Tucker Carlson not apologizing for past misogynistic comments

In the same week that Fox News is holding a big event for advertisers to promote its news brand, the network is battling multiple controversies about offensive remarks made by its right-wing hosts.

In one of the cases, Fox is distancing itself from Jeanine Pirro’s remarks about Congresswoman Ilhan Omar’s Islamic religious beliefs.

But so far the network is not commenting on the case involving Tucker Carlson, who was called out by a progressive group for a history of misogynistic comments about women.

In the years before Carlson became a Fox host, he called into the “Bubba the Love Sponge” radio show and delighted the shock jock by saying all sorts of crude things.

Media Matters for America, a progressive press watchdog which campaigns against Fox, obtained and published some of the audio clips on Sunday.

“During those conversations, Carlson diminished the actions of Warren Jeffs, then on the FBI’s ‘Ten Most Wanted Fugitives’ list for his involvement in arranging illegal marriages between adults and underage girls, talked about sex and young girls, and defended statutory rape,” Media Matters wrote.

The radio segments are from 2006 to 2011.

In one of the clips, Carlson said of Supreme Court Justice Elena Kagan, “I feel sorry for unattractive women. I mean, it’s nothing they did, you know. Nobody deserves that. And men are just mean.”

He spoke about a colleague at the time, MSNBC’s Contessa Brewer, as “saucy and cute.”

He described Hillary Clinton as “anti-penis” and said “you look at Hillary and you know in your heart that if she could castrate you, she would.”

The list goes on.

Carlson responded on Sunday night by saying that Media Matters “caught me saying something naughty.”

Angelo Carusone, the head of Media Matters, responded and said, “the reason we released this is precisely because the things you say on your Fox News show echo the misogyny displayed in those clips. We were actually helping people better understand just how vile your current Fox News show is by showing what that worldview really looks like.”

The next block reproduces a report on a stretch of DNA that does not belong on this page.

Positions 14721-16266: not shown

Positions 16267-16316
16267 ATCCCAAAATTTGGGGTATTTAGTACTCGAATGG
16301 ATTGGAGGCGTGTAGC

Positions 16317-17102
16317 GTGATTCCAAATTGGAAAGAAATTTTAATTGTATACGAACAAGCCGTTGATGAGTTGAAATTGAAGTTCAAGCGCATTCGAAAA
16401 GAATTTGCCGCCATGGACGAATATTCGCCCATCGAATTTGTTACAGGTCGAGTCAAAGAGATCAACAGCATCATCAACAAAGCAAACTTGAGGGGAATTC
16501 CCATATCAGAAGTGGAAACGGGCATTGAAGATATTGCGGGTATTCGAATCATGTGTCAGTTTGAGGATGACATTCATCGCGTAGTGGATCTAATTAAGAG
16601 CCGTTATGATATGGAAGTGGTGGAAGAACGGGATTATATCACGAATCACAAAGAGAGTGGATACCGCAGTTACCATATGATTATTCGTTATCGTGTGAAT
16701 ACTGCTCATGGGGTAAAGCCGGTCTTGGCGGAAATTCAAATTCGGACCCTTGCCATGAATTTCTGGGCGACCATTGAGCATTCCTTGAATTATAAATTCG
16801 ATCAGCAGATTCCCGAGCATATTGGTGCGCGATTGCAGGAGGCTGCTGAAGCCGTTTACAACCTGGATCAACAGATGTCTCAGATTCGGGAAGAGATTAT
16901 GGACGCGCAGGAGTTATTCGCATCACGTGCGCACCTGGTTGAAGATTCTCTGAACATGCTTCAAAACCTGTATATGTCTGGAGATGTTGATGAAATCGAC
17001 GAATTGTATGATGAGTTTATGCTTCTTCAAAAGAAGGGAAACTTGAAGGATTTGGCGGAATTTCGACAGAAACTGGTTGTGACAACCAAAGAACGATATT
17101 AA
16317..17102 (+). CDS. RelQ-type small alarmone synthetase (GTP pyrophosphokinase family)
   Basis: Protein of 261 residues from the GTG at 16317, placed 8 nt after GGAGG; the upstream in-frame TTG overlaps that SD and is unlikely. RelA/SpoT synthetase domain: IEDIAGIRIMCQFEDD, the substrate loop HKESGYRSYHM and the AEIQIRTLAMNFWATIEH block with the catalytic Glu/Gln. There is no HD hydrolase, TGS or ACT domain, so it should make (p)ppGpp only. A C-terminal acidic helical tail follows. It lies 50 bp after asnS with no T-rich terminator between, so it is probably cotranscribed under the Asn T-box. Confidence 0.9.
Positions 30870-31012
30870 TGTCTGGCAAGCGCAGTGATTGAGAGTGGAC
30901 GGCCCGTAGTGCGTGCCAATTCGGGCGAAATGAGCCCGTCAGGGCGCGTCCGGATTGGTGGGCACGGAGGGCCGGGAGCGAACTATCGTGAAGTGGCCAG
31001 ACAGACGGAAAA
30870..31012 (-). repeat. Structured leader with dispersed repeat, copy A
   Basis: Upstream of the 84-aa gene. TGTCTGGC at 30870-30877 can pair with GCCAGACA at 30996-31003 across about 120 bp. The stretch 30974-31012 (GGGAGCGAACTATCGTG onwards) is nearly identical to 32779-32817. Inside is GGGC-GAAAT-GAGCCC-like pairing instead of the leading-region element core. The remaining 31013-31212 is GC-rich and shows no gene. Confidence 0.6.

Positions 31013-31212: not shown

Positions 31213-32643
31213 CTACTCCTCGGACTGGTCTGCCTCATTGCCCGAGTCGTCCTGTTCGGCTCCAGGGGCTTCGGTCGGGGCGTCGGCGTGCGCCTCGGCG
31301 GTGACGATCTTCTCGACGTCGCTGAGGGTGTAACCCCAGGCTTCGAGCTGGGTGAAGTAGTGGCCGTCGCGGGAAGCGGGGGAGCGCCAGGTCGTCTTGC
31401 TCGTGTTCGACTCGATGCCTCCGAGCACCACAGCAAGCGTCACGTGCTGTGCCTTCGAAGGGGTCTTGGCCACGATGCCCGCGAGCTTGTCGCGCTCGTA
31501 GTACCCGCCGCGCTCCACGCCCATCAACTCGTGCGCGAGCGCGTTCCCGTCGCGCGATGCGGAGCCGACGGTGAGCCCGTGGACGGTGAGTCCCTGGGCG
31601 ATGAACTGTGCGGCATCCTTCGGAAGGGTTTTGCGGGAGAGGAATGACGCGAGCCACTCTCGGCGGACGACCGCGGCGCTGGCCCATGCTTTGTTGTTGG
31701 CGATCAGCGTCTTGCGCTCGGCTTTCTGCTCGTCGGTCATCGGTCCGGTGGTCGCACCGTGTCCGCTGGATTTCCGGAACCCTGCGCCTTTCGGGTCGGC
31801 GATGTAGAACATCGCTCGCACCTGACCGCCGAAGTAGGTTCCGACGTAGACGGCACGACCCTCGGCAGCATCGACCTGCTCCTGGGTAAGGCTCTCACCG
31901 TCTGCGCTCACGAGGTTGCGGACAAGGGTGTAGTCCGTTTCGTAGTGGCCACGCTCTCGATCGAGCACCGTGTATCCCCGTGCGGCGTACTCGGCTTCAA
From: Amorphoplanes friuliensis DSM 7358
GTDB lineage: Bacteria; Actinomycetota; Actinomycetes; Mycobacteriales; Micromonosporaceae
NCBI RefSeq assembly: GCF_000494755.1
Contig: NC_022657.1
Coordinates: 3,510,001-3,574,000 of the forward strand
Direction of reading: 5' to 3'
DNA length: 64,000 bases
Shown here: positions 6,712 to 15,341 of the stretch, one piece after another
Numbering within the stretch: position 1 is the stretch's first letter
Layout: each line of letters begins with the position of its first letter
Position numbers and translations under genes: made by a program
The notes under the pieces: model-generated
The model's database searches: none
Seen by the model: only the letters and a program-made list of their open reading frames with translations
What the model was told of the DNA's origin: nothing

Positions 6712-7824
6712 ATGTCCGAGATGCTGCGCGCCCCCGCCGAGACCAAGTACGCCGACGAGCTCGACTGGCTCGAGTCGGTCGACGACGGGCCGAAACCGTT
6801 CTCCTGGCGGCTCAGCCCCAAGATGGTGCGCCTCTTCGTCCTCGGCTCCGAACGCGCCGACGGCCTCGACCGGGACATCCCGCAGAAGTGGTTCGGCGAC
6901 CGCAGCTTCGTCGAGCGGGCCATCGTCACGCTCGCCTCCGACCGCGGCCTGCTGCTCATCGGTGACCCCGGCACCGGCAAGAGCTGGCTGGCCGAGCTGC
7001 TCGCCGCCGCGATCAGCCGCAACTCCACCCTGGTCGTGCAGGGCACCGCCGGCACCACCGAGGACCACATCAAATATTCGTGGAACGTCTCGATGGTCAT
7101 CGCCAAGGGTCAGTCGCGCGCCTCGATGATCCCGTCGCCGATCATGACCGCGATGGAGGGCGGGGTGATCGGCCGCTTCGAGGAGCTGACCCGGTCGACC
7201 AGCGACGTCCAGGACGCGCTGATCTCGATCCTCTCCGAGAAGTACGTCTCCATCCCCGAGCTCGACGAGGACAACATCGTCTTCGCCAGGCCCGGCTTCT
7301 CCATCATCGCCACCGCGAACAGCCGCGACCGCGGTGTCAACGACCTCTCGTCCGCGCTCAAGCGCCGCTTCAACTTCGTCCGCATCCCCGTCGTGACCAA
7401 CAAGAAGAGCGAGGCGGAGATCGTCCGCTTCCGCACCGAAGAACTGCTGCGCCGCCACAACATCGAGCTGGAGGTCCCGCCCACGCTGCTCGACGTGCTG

Carlson’s also encouraged people to tune into his show “if you want to know what I think.”

“Anyone who disagrees with my views is welcome to come on and explain why,” he said in his statement.

The Washington Post’s Erik Wemple, who has covered Carlson for years, said the Fox host is trying to “parlay the up-and-coming scandal into higher ratings” instead of dealing with the substance.

A Fox spokeswoman declined to comment.

A Media Matters staffer tweeted on Monday that “there’s more” to come, and added that the group reviewed nearly 100 hours of audio. A Media Matters spokesperson told CNN that more material will be published within the next day, hinting that the new audio would “give some additional insight into Tucker’s worldview vis-a-vis race and ethnicity.”

“We certainly want to make sure [the new audio tapes] are released when they can be most helpful to the media buying decision makers,” the Media Matters spokesperson said in an email.

While the network may dismiss Carlson’s comments as ten-year-old radio banter, the controversy is yet another cloud over his 8 p.m. show and the network as a whole. Some major sponsors have sought to move their ads away from his show during previous scandals.

Variety reported last month that the upcoming event for advertisers, slated for this Wednesday, is meant to press “against the notion that the network is only for conservatives.”

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